Best Of :: Food & Drink
The treatment an American customer will receive in a typical Trinidadian restaurant in Miami is quite similar to that on the island. Trinis don't make a fuss over strangers. The oil-rich island doesn't need your tourist money, and the natives aren't falling all over themselves to lick your toenails. You'll notice that vibe at Caribbean Delite. It's friendly indifference. Nobody's trying to show you a menu, teach you how to order, or even pronounce the names of the exotic-sounding foods. "What's roti? What's the difference between paratha and dhalpurie?" you might hear a Yank wonder. There may or may not be a response from the store owner, so allow us to tell you how to pronounce them and what they are. Say roh-tee. Pah-rah-tah. Dal-poo-ree.
Roti is Trini soul food — curried meats reveal the Indo-Caribbean influence, although it isn't a traditionally East Indian thing. It's beloved throughout the West Indies, but based primarily in Trinidad. Picture a soft-as-a-baby's-blanket flatbread wrapped around chunks of curried meat and veggies. Yum. Roti is the name of the soft flatbread as well as the meal. At Caribbean Delite, you can order dhalpurie, which has a thin skin that reveals a sprinkling of dried chickpeas. Paratha (also known as buss-up-shut — "bust-up shirt" — for its torn, clothlike appearance) is served separately in a heavy Styrofoam box.; you do the rippin', dippin', and curry-wrappin' yourself with your bare hands. Oh yeah, roti is a food you devour eagerly with both hands, so leave your prissy American manners and expectations behind. Get the boneless chicken meal for $7.76, and be prepared to be full all day.
Remember that trip to Buenos Aires? There was supposed to be tango dancing until dawn and a smoky-eyed lover. Instead you tripped over your own feet and got fat eating alfajores. Now that you're back in Miami, the porteños are gone, but there are still alfajores. Buenos Aires Bakery offers three kinds of the cookie and dulce de leche sandwich at $2 a pop: dark chocolate, white chocolate, and maizena. The cookies are moist and the Argentine caramel perfectly gooey. Take a bite, make peace with your chubbiness, and daydream about the Paris of South America.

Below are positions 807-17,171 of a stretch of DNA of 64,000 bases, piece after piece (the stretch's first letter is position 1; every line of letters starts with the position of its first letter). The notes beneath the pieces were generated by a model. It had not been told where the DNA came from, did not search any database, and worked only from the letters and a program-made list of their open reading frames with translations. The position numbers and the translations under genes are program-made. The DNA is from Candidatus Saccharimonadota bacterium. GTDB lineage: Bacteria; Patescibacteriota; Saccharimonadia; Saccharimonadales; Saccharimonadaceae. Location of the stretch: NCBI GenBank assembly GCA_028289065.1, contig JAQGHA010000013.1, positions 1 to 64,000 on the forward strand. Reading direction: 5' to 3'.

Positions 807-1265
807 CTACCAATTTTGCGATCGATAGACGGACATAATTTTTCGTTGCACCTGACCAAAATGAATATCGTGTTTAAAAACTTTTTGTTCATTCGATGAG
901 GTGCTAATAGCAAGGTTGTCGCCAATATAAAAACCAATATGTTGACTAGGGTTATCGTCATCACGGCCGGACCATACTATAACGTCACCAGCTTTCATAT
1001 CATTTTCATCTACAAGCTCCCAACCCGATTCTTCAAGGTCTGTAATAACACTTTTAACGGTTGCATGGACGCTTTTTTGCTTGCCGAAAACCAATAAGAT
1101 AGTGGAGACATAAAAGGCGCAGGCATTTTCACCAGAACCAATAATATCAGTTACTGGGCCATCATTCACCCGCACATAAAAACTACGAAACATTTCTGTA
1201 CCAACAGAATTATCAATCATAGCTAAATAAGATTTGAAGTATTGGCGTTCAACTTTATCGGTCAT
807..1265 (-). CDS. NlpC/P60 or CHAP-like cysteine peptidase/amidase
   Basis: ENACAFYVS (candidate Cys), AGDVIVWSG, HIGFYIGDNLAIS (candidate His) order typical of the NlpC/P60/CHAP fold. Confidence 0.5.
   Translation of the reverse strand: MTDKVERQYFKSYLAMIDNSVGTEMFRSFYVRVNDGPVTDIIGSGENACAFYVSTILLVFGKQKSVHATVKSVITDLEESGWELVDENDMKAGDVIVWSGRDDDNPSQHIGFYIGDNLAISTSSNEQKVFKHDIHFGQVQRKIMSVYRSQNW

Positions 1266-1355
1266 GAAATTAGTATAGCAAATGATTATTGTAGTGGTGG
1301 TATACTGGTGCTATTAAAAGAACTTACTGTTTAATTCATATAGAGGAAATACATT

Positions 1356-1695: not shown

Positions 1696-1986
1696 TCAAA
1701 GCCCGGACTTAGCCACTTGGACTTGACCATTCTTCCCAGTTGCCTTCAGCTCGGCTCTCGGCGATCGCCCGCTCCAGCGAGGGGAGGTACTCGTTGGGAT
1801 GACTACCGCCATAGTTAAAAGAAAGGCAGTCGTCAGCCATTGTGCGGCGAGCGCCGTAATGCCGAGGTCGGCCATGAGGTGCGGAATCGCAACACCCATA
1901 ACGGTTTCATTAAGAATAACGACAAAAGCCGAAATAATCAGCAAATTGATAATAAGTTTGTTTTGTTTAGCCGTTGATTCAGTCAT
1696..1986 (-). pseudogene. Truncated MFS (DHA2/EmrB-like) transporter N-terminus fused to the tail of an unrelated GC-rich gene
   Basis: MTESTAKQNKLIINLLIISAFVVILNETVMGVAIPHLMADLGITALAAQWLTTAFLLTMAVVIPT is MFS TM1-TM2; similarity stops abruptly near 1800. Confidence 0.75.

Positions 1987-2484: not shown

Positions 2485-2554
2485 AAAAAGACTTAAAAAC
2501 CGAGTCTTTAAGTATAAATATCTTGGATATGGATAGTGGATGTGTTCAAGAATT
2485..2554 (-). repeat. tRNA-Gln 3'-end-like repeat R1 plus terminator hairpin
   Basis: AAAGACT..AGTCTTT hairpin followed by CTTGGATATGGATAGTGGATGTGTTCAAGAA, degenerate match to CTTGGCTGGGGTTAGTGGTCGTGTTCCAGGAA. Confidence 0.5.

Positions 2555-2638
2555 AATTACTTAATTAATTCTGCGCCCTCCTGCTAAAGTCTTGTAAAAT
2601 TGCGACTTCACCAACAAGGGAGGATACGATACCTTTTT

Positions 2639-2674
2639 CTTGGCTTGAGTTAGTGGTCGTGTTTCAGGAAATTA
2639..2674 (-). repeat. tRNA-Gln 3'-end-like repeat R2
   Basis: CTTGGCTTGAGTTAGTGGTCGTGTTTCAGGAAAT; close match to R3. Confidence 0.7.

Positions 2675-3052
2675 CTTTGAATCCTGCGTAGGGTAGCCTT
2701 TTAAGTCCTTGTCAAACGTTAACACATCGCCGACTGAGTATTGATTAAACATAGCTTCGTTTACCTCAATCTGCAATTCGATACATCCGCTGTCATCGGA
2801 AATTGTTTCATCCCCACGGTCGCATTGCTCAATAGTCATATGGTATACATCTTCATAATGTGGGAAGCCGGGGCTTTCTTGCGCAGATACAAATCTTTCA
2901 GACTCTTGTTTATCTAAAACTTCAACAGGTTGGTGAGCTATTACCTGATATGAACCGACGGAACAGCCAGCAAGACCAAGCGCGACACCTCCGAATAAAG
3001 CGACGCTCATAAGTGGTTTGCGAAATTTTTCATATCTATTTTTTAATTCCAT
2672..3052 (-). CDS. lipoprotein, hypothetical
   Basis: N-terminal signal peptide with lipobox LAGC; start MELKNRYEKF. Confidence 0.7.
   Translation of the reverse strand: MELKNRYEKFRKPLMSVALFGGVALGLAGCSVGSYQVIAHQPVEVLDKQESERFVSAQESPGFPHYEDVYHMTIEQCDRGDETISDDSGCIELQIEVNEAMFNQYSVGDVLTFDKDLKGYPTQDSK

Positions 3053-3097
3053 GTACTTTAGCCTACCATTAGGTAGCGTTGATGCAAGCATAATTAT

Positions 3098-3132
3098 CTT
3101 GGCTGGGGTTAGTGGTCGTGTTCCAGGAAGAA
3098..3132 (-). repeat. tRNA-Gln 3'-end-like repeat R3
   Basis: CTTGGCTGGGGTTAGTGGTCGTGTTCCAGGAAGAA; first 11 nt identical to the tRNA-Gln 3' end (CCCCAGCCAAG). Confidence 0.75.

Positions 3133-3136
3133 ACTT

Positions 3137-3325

Argentine steaks are revered not because of how they're cooked, but because the meat is incredible. The cattle roam the fertile pastures of the pampas and are never forced to exert themselves (because exercise makes the meat tougher). They are carted around the country in train cars. This special treatment produces beef that melts when it hits your tongue and is unrivaled in tenderness and flavor.
But until just last year, the USDA — out of protectionism and semi-legitimate fears of hoof and mouth disease — banned the import of Argentine beef. Now that it can again be imported, you don't want to go to some fancy Argentine steak house and have them jack up the price on you just for cooking the meat. That's where Estancia Argentina comes in. It's a Miami-based chain owned by Buenos Aires transplants, with locations in Aventura, Coral Gables, Kendall, and Miramar. It's half restaurant, half market, and all good. The empanadas ($1.55) and sandwiches ($8) are delicious, made fresh with quality ingredients. The walls are lined with bottles of wine, so you can buy a Malbec and drink it with your meal. The meat counter is to drool over, with all sorts of Argentine beef cuts, cheeses, chorizos, and chimichurris. They also have great desserts ($1 to $5). The place is always packed with Spanish speakers enjoying a cup of vino or guarana soda with meaty skirt steak or prosciutto and mozzarella sandwiches. Join them.